The last points meet of the season was in central Florida. Cotton had run well until someone forgot to put the radiator cap back on after a cool-down. On the "other end" water sprayed out, it spun the tires and he got beat. That put him in a tie for the points championship and they were going to have to run the other guy after the whole race was over. We had to sit on that hot asphalt all day. It was really draining. (Especially after driving all night.) Cotton won the race and the Perry-Headrick team was NHRA points champions for their division.

That was a GREAT YEAR!

I remember how NHRA screwed with them. Each time they won, NHRA got the "pencil" out and changed their (index?) time.  NHRA made Modified Production like "dial-in" and I thought it sucked. Used to...... if your national record was a 10:00 for your class and you ran someone who's national record was a 9:00, you got a 1 second head start and whomever got there first...... WON! But, the NHRA had to monkey with stuff and changed the rules. They started the "index" times system that may not have anything to do with the national record. If you won, they penalized you by lowering your "index". If you got to the finish line first, but ran a time that was faster than your index, you lost. (I still hate dial-in/bracket racing.)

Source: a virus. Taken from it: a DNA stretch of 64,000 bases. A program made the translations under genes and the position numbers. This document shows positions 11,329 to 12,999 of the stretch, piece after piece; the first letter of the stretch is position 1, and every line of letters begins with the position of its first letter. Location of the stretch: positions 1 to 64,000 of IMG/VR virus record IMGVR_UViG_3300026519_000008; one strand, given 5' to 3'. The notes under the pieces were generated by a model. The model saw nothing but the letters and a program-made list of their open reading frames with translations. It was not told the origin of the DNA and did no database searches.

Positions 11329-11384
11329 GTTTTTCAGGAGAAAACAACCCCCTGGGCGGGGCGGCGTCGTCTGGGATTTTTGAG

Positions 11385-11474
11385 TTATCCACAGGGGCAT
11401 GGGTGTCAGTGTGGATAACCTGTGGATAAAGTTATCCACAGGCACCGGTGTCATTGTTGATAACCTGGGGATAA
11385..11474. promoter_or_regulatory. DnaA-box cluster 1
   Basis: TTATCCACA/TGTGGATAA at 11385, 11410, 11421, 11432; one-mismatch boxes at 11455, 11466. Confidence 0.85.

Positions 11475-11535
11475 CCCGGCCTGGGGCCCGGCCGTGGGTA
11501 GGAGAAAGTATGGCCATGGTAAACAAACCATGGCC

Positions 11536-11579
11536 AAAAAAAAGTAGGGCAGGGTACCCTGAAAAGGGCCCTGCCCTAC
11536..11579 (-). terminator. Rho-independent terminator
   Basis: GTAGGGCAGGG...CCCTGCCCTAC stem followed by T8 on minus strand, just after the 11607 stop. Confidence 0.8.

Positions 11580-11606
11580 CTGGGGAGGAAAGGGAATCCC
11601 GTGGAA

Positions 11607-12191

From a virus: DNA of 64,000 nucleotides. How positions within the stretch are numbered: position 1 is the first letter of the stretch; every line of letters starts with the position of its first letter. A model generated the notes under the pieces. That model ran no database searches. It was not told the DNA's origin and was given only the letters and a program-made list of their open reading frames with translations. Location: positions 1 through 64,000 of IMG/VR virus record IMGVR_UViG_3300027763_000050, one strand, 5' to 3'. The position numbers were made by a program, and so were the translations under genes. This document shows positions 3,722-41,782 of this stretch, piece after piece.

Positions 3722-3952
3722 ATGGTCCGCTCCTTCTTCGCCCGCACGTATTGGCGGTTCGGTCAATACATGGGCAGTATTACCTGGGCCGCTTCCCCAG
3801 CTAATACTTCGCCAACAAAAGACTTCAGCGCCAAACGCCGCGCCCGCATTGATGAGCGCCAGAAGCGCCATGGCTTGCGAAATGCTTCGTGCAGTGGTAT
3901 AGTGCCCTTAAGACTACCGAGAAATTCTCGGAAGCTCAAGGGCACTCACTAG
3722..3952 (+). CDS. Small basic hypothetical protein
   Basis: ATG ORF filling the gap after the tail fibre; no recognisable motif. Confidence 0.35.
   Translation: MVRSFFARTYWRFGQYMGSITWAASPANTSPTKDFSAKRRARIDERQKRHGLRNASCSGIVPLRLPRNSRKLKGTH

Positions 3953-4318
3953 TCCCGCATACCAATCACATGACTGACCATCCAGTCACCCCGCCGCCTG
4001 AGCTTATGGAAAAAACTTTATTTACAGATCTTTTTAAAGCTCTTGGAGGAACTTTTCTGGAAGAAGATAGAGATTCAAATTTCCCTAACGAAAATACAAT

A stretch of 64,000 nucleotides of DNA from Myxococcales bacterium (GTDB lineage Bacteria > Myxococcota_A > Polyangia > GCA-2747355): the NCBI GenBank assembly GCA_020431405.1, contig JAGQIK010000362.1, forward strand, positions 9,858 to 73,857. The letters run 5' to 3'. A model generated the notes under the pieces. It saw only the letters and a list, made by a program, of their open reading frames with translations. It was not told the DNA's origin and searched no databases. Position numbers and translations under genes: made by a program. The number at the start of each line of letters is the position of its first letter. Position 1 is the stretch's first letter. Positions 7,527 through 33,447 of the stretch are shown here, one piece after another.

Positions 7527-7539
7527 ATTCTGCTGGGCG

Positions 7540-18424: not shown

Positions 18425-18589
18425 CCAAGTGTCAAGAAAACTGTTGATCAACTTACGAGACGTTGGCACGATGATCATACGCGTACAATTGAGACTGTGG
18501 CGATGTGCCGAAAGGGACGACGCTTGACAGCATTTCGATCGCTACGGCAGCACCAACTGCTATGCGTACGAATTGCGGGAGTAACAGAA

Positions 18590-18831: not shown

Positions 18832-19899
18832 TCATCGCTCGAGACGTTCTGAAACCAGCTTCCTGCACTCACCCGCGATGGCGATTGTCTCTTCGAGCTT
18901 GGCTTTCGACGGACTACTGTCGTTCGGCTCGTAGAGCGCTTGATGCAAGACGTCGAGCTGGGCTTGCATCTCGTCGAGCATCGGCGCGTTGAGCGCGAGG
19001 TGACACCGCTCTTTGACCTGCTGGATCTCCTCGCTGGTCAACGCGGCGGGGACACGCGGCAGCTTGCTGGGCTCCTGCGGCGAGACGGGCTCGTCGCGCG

From: <>
Subject: pocket rocket
To: Phil Lea
Date: Sunday, December 20, 2009, 7:17 PM

The first time I saw the Pocket Rocket was at Bowling Green, Ky. It was at the Sports Nationals. Not sure if it was the finals or not. After what sounded like a 10,000 rpm launch, Cotton stood the car on the bumper. It bounced as he hit 2nd and the car came way up again. When he hit third it was in the air again and drifting toward the wall. Meanwhile the car he was racing was Larry Kopp's Corvette. When the tree came down the Corvette squatted and roared off the line like a missle. Cotton held off the Vette and won. The place went wild and I was an instant fan of Cotton Perry. NHRA dismantled Modified a year or so later and things were never the same. I have often wondered what happened to Perry and that wild little Chevy2. Let me in on it if you know.

Mike Dean


(My reply)

Hi Mike, 

Cotton still lives in Ringgold GA.  
The last I saw him he owned RINGGOLD SERVICE CENTER there. 
And, his son drove a dirt track car. 
His partner in the Chevy II, Jim Headrick, died and I don't know what happened to the drag car.